One concern I have about my thinking about what kind of community I envison to church to be is that I may just be asking for the church to conform to my own cultral and aesthetic sensibilities, rather than to whatever ones they currently happen to adhere to.
The focus for this concern is the degree to which Christian worship often feels moribund and listless to me, as though the people in the pews aren't really connected to the experience of worship but rather are simply "going through the motions" for the sake of appearances.
Obviously I am referring to the experience of a white Christian in a predominantly white mainline protestant denomination. Things are quite different if you examine the African American tradition of worship, or the more liturgically rich traditions of Roman Catholicism or Orthodoxy, and are different yet again if you turn toward the Quakers.
But within predominantly white protestant circles, the options are few: There is the more traditional protestant worship service with roots going back to the Reformation era, and music often going back at least as far, or there is the evangelical praise service, with more informal liturgy and contemporary music.
While there is part of me that appreciates and honors the traditional reformed style worship service, and recognizes the enduring value of traditional hymnody, I can't help but notice how little impact it seems to make in most churches. It doesn't seem to speak to the lived spiritual experience of the congregation, and that's of concern to me.
On the other hand, the "contemporary praise and worship" model is absolutely repugnant to me. The problem isn't so much that I disagree with the theology that underlies it (which I often do), but that it strikes me as being culturally and aesthethically shallow, with prayer that seldom reaches to the depths of human experience and genuinely horrible music. This aesthetic vulgarity actually often seem to extend to the entirety of the evangelical worship experience, whether it is the church buildings that are actually stadiums or re-pourposed warehouses, with enormous parking lots and Starbucks coffee for sale in the narthex, or the kind of kitchy artistic sensibility that views Thomas Kincade as being an artist of note.
I acknowledge that I'm being merciless here, and far more critical of the evangelicals than of the mainline. I suppose this reflects my own background as much as anything else. But any way you slice it, both models are in trouble. And they are in trouble for related reasons: The one refuses to give up traditional models of worship and aesthetic sensibilities while the other is happy to embrace the new, but has no sense of taste, style, or beauty that enables it to discern what is or isn't worthy of adoption for purposes of worship or conveying the meaning of the Christian message.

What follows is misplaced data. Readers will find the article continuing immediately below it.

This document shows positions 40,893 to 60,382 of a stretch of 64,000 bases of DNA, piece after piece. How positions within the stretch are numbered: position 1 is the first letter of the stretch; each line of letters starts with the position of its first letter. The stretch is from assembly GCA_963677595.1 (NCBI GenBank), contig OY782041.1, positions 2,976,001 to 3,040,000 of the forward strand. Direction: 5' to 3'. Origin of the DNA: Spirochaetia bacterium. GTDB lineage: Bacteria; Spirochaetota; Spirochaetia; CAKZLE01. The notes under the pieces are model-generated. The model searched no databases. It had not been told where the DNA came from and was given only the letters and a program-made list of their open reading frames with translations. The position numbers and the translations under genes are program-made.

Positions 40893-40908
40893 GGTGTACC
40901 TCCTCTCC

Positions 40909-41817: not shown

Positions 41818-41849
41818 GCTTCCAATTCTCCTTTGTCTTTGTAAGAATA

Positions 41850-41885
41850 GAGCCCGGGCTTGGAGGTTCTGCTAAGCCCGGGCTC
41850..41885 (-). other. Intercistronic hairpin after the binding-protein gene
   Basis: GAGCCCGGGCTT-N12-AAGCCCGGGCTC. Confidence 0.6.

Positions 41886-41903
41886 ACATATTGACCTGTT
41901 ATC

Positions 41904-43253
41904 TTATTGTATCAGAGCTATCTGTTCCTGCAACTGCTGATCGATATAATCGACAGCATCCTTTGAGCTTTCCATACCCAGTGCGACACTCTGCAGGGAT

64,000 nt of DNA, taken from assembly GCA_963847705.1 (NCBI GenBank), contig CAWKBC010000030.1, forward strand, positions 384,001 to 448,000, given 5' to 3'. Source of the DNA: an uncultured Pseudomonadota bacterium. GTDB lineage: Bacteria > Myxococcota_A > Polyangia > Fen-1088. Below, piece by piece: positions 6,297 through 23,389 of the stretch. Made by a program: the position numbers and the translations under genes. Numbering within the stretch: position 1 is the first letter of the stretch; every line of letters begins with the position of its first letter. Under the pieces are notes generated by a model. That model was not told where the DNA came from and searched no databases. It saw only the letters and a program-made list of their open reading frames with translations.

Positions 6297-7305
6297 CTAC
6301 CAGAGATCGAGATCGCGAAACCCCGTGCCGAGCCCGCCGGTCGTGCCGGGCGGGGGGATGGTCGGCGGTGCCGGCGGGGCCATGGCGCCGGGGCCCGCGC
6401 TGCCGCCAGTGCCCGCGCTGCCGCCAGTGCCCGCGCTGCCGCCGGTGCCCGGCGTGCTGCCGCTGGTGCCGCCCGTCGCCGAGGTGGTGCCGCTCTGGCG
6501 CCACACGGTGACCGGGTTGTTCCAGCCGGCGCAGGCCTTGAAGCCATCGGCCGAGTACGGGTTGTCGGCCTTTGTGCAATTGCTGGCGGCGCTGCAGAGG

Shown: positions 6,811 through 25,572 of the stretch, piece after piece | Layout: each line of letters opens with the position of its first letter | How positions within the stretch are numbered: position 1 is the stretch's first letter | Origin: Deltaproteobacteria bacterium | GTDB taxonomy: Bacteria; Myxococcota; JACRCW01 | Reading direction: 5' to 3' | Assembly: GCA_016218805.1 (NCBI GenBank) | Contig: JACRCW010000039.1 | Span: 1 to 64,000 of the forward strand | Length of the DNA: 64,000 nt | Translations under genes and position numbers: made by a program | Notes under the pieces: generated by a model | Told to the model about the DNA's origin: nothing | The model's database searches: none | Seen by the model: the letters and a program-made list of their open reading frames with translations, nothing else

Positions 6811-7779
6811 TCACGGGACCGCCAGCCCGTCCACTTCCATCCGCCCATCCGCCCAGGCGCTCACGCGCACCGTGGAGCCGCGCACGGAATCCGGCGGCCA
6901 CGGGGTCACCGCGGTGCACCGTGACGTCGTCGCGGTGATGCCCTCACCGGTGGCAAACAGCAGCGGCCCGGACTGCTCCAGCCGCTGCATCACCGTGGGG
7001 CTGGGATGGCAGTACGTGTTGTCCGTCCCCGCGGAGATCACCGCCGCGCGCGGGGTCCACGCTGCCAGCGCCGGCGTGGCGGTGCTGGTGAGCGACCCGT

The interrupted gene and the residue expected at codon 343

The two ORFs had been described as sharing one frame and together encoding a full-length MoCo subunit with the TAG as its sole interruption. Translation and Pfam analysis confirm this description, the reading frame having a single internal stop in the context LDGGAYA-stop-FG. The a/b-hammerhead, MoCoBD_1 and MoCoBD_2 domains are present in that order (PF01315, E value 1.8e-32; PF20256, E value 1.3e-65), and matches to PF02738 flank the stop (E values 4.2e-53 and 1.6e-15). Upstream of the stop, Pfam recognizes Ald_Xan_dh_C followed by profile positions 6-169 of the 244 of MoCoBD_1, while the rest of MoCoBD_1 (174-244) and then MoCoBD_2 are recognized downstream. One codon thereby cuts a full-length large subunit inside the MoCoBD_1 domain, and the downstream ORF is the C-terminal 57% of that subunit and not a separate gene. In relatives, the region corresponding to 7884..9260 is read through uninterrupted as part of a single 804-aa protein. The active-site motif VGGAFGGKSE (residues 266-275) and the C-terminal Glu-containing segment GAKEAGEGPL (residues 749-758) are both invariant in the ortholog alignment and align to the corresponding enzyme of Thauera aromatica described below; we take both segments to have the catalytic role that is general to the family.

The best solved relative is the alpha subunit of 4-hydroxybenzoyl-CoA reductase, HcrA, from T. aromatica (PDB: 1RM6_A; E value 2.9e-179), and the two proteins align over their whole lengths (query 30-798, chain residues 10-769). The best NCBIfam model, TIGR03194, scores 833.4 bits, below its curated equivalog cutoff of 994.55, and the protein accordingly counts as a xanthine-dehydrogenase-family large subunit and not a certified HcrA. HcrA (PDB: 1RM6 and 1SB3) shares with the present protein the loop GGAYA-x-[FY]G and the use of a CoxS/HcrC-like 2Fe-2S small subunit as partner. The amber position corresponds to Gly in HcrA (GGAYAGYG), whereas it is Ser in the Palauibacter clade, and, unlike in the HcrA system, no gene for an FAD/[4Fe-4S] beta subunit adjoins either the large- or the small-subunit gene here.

Having said all of this, I come back to my primary concern: Am I not really just complaining that I have a different cultural and aestheic sensibility than most Christian churches? And if so, why should they change for my sake? So let me cop to the possibility: I may indeed simply be projecting my own sense of taste on what I think is important for the church. That said, I don't think that's the whole of it.
Anyone who's attended a deadeningly dull mainline church service knows that these churches need to change precisely because what they are doing is not in any way spiritually enlivening. On the contrary, these churches are dying a slow death by neglect. On the other hand, many evangelical churches are growing, but they are doing so by appealing to the lowest common denominator of aesthetic sense. This art doesn't challenge or draw us into a deeper understanding of the Christian message or its meaning.
It ought to be possible, in ways that appeal to a wide variety of cultural sensibilities, to construct a Christian cultural aesthetic that can take into account my perhaps eccentric desire to hear the Mountain Goats' music sung as part of worship, and the desire of those who wish to hear more traditional hymns. It ought to be possible find art and music and styles of worship that reflect the best of culture, and not the best of another culture that was meaningful to another time, and not the worst of our contemporary culture.
But there is another dimension to this, that pertains once again to my desire to think of the church as the community of and for outsiders: The degree to which cultural eccentricity can be not only accepted but embraced. Where there is no dress code (either formal or informal), where the pierced and tatooed can be welcomed and embraced, and where those who have no where else to go and no way else to express themselves spiritually can find a home and feel that they belong. I am still feeling my way toward what this might mean, and it pertains a great deal to what I hope to discuss in my next post, namely the nature of the church as a particular, and peculiar, community.